By Lesley Russell
THE focus of the healthcare system is on providing longer, healthier lives.
As Neil Batt pointed out in last Saturday's Weekend Health, there's little focus on the quality of death.
In a culture where medical technology can deliver miraculous cures, this topic makes people uncomfortable, and leads to the "death panel" claims of Sarah Palin and others. But most people are very clear about what they see as the attributes of a good death.
A key factor is advanced care planning, with respect for patients' end-of-life wishes by family and doctors. Patients want a sense of control, co-ordinated care and assurances they will have adequate pain and symptom management. They look to family and significant others for psychosocial support, also worrying about relieving the burden on loved ones.
A study from the Singapore-based Lien Foundation, "The quality of death: ranking end-of-life care around the world", ranks how well people die in 40 countries. Australia ranks second, behind Britain and ahead of the US, in ninth place. The US ranks poorly because cost is included as a factor.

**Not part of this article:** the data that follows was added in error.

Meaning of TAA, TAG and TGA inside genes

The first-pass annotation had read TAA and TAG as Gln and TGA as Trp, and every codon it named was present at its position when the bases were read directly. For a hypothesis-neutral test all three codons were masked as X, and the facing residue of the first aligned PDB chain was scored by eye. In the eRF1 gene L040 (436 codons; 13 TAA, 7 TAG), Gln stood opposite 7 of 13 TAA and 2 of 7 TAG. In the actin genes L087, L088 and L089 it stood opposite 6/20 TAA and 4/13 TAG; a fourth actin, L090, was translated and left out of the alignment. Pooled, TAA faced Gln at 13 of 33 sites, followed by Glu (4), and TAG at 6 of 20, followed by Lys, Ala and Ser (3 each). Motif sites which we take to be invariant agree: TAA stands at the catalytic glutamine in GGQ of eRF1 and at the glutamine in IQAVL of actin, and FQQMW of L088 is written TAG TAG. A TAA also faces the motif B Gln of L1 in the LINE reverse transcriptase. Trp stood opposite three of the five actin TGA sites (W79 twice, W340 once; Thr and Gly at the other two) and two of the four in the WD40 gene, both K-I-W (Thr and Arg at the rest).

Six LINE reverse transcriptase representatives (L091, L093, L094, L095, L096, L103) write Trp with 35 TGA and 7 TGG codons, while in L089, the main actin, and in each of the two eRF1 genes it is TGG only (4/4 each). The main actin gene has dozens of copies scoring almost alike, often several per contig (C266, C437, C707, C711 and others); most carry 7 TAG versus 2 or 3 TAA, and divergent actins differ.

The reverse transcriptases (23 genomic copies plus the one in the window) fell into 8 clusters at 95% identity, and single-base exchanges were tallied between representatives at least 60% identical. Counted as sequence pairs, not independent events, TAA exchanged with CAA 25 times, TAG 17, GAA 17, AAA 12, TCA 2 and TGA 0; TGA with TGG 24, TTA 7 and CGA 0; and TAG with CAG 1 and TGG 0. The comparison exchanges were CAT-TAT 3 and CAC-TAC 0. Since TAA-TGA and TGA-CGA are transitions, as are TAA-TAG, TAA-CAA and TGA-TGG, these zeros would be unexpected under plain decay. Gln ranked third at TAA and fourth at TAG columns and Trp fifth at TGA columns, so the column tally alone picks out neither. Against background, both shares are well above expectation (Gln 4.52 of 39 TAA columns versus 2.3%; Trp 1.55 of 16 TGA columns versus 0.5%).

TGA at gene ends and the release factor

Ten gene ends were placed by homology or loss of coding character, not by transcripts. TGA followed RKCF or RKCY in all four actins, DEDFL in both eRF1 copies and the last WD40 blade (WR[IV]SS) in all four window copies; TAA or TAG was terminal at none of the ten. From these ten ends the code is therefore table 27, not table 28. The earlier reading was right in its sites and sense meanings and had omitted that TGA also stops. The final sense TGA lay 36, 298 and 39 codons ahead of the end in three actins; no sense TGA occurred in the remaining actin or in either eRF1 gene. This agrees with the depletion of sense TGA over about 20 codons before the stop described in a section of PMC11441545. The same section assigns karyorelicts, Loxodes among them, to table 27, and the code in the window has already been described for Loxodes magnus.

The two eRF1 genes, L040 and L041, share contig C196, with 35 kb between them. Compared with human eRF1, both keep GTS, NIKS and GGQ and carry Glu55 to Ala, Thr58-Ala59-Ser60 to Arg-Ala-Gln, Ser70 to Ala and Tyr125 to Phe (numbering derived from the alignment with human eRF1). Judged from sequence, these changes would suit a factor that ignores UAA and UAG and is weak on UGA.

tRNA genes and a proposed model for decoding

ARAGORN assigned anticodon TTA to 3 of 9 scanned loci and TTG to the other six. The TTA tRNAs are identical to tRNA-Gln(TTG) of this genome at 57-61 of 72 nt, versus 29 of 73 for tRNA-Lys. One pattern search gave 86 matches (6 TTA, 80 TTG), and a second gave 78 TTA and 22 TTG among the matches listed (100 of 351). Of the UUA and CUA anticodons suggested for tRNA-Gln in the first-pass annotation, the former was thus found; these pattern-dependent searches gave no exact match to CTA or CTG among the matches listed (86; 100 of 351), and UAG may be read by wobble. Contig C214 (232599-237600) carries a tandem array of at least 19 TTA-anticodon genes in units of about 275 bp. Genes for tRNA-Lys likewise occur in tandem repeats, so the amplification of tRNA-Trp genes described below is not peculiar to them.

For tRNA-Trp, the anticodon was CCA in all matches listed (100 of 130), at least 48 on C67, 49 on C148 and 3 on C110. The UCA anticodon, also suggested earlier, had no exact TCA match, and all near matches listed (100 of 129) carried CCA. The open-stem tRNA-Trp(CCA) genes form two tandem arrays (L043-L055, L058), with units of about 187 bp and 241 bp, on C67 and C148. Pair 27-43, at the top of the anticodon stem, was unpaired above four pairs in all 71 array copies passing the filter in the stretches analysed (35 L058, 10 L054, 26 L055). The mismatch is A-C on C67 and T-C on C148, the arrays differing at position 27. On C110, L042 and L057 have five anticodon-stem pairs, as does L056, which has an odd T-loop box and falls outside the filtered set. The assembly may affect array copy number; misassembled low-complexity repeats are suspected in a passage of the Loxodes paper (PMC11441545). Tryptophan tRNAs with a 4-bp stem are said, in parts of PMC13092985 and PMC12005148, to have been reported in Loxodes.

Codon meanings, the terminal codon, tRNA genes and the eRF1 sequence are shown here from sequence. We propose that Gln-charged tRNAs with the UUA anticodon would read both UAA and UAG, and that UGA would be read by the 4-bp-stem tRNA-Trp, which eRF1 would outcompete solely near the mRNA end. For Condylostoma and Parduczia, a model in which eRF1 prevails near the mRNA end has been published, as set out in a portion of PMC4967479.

This is arguably the key to the dissent over advanced care planning, particularly in the US, that saving money is the goal. But the key to a good death is affirmation of the person, not the patient or healthcare system.
Lesley Russell is senior fellow at the Centre for American Progress in Washington, DC, and a research associate at the Menzies Centre for Health Policy and the US Studies Centre at the University of Sydney.